Are you leading your coaching client?

One of the things that distinguishes coaching from other modalities such as teaching, training, and consulting, is the agenda is client-driven. The client chooses the focus of what to be coached on in every session. The coach seeks to understand that focus, and then to attend to that agenda.

Even when a company pays for coaching and has expectations of outcomes, each coaching conversation is based on a client-driven agenda.

But is that really possible, to have a client-driven agenda?

Yes, it is when it comes to the topic and outcome the client wants from a coaching session. However, the coach influences the client through the questions they ask and observations and comments they make.

We influence positively as well!

What we reinforce as being good is also a way of leading the client. For example, if we acknowledge something we like that the client said, we are possibly leading the client to think that is the ‘right’ way to think or act.

An example might be your client shares they feel it would be good to involve more people in the decision-making process. And before the client has had time to consider other possibilities, the coach says, “That sounds like a great idea!” Now the client might think they have to go that path, instead of considering other options.

As a coach, we are in a position of authority, as not all clients will disagree with their coach. So we need to be conscious of what we say and the influence we are yielding.

Be conscious of what you say

Using the example above, here are two examples of what more conscious responses might be:

How would involving more people achieve the result you are seeking?

What concerns, if any, do you have about involving more people in the decision-making process?

As a mentor coach for preparation toward the MCC credential, we pay particular attention to being present and connected to the client’s world, and to our own world. Connection is one of the Ten Characteristics of MCC Skill Level that I’ve written about. I consider the ICF Core Competency of Coaching Presence as the core of the core competencies (you can learn more about The Target Approach model to demystifying the ICF core competencies) because this competency is about being connected and present in the moment, to yourself, and to your client.

We need to be as conscious as we can be about the influence we have over our client in every question or every comment.

We are always influencing and therefore leading the client!

The truth is we can’t not influence, and therefore lead, our client. This is because any question we ask will lead the client somewhere, as will any comment or observation. The thing is, are we asking a question that supports the client to think more deeply about themselves, and their mindset, in their situation?

The more we focus on the “Who” of the client (mindset, values, beliefs, strengths…) the more we ‘lead’ the client toward themselves and what is true for them. For MCC skill level, being “Who” focused is of absolute importance, rather than “What” focused.

Here are some mentor coaching distinctions we work with for ACC, PCC and MCC credential levels:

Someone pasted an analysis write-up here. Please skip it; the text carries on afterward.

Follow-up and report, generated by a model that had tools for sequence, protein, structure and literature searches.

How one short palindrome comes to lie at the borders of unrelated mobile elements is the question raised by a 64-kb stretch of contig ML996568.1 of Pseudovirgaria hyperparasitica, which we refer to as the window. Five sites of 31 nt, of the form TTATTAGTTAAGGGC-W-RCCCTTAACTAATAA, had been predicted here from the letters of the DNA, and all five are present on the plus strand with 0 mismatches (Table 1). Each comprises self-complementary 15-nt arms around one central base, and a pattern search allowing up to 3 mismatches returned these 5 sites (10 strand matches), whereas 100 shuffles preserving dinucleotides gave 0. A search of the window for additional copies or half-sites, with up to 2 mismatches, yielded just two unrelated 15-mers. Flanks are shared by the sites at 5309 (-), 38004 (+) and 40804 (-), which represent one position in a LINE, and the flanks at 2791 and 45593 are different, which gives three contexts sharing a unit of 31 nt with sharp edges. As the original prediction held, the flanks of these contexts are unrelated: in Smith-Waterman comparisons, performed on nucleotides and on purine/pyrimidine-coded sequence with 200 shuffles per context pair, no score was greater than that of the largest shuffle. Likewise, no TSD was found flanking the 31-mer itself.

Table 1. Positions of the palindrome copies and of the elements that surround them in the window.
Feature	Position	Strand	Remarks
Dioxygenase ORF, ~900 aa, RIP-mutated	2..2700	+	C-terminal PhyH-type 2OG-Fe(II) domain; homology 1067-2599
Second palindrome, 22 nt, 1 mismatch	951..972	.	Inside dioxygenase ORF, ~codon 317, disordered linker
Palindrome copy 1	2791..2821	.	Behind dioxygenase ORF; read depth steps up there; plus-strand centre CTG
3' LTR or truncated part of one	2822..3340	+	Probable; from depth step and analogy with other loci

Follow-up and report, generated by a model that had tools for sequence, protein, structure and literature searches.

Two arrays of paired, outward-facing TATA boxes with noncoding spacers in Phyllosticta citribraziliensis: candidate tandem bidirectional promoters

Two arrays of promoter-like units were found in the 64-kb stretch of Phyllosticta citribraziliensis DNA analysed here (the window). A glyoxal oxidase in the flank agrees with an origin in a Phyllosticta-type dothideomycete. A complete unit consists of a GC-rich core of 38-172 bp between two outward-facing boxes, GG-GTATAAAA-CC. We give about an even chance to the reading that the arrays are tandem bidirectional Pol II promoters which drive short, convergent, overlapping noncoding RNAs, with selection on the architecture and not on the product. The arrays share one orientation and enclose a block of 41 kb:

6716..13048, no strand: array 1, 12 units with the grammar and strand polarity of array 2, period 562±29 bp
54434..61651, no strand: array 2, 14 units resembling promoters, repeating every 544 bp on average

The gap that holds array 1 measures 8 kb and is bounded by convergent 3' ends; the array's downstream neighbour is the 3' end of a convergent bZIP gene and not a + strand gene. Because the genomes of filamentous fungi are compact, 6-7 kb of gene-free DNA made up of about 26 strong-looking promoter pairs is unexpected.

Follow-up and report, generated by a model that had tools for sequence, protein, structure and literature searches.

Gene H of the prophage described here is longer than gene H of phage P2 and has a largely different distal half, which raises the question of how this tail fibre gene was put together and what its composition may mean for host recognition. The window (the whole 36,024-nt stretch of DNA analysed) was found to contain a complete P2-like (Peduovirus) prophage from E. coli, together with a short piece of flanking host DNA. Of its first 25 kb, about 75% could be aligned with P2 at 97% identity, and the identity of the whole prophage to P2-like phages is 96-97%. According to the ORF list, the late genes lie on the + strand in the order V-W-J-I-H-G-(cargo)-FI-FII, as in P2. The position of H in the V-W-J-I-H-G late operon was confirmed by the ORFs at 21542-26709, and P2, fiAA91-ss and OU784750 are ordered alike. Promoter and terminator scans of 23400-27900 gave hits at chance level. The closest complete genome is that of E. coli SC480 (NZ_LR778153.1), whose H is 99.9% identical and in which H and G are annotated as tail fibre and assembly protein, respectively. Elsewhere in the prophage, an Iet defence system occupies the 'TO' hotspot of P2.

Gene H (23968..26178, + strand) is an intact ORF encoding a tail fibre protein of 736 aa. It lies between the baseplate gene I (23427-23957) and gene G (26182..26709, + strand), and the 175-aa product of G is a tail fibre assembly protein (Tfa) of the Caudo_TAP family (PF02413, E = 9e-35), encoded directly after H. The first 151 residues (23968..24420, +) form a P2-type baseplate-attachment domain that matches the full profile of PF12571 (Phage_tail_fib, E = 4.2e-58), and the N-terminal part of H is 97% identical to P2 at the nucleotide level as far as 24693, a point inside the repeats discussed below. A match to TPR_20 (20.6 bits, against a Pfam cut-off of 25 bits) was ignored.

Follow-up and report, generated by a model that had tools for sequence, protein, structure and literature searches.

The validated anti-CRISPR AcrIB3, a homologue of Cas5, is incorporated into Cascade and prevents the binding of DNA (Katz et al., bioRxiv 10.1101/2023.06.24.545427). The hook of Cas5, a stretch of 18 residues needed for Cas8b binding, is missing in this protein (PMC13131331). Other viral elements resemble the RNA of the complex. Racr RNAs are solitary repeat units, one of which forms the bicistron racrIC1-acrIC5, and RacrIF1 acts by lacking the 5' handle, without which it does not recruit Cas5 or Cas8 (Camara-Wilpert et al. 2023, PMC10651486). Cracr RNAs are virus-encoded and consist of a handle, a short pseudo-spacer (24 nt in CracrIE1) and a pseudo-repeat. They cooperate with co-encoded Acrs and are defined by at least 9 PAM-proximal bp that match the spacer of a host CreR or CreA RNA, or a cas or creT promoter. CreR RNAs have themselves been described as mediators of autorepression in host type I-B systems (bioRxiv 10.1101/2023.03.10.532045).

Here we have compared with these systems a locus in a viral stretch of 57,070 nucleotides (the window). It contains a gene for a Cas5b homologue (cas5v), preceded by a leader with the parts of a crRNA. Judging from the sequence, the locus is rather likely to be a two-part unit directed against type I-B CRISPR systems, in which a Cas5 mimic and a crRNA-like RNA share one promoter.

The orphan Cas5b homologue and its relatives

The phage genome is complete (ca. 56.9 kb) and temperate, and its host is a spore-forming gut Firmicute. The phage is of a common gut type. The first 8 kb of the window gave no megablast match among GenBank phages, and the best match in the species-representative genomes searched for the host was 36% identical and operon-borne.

• ACC is What focused, which leads the client to think more strategically about their situation and how to solve their presenting issue.
  • PCC is a combination of What and Who focused, which leads the client to also think about themselves (mindset, values, beliefs, strengths…) in their situation.
  • MCC is Who focused, which leads the client inward to draw on their self-knowledge at a deeper level. There is a belief by the coach that there is no issue to be resolved, only a presenting situation to learn and grow from. While still achieving the result the client desires.

In closing….

Self-awareness is a key for every coach. We need to be aware of our preferences, and what we think we need to say or do to be an effective coach. Being quiet for longer than we feel comfortable is often a good first step. Rather than automatically speaking after the client stops, pause, and allow some silence. Notice what you are feeling. Notice if the client says anything further. And then decide what question or comment to say next.


Are you preparing for your first or next ICF Credential?

Do you want to “Sharpen the Saw” as a Coaching Professional?


Start early with your mentoring requirements in the year of your renewal, especially if you plan to submit for your next credential instead of renew your current one. You will need to submit your application by mid August in order to accommodate the 18 week ICF process.

The Mentor Coaching Group program is approved for 24 ICF Core Competency CCE units! (which includes 10 hours of mentor coaching)

You can learn more here


Carly Anderson will be ‘flying solo’ in 2017 as Karen Boskemper goes on to work on other projects. I will her miss her wisdom and support, and yet wish her all the best in her next endeavors.

We offer an awesome mentor coaching group and individual program that has many exclusive offerings for our participants. You can read some testimonials here

We have been trained by the ICF to assess using the new PCC Markers. Carly also assesses for the ICF MCC and ACC credential.

One of our unique offerings is an extensive library of MCC, PCC and ACC coaching sessions for our participants to listen to, evaluate, debrief, and learn from, along with The Target Approach to demystifying the ICF core competencies. These are incredibly valuable learning tools, and will accelerate your understanding of competency distinctions.

Carly has created products to more deeply understand Establishing the Coaching Agreement and Ten Characteristics of MCC Skill Level.

Here’s where you’ll find more about The Mentor Coaching Group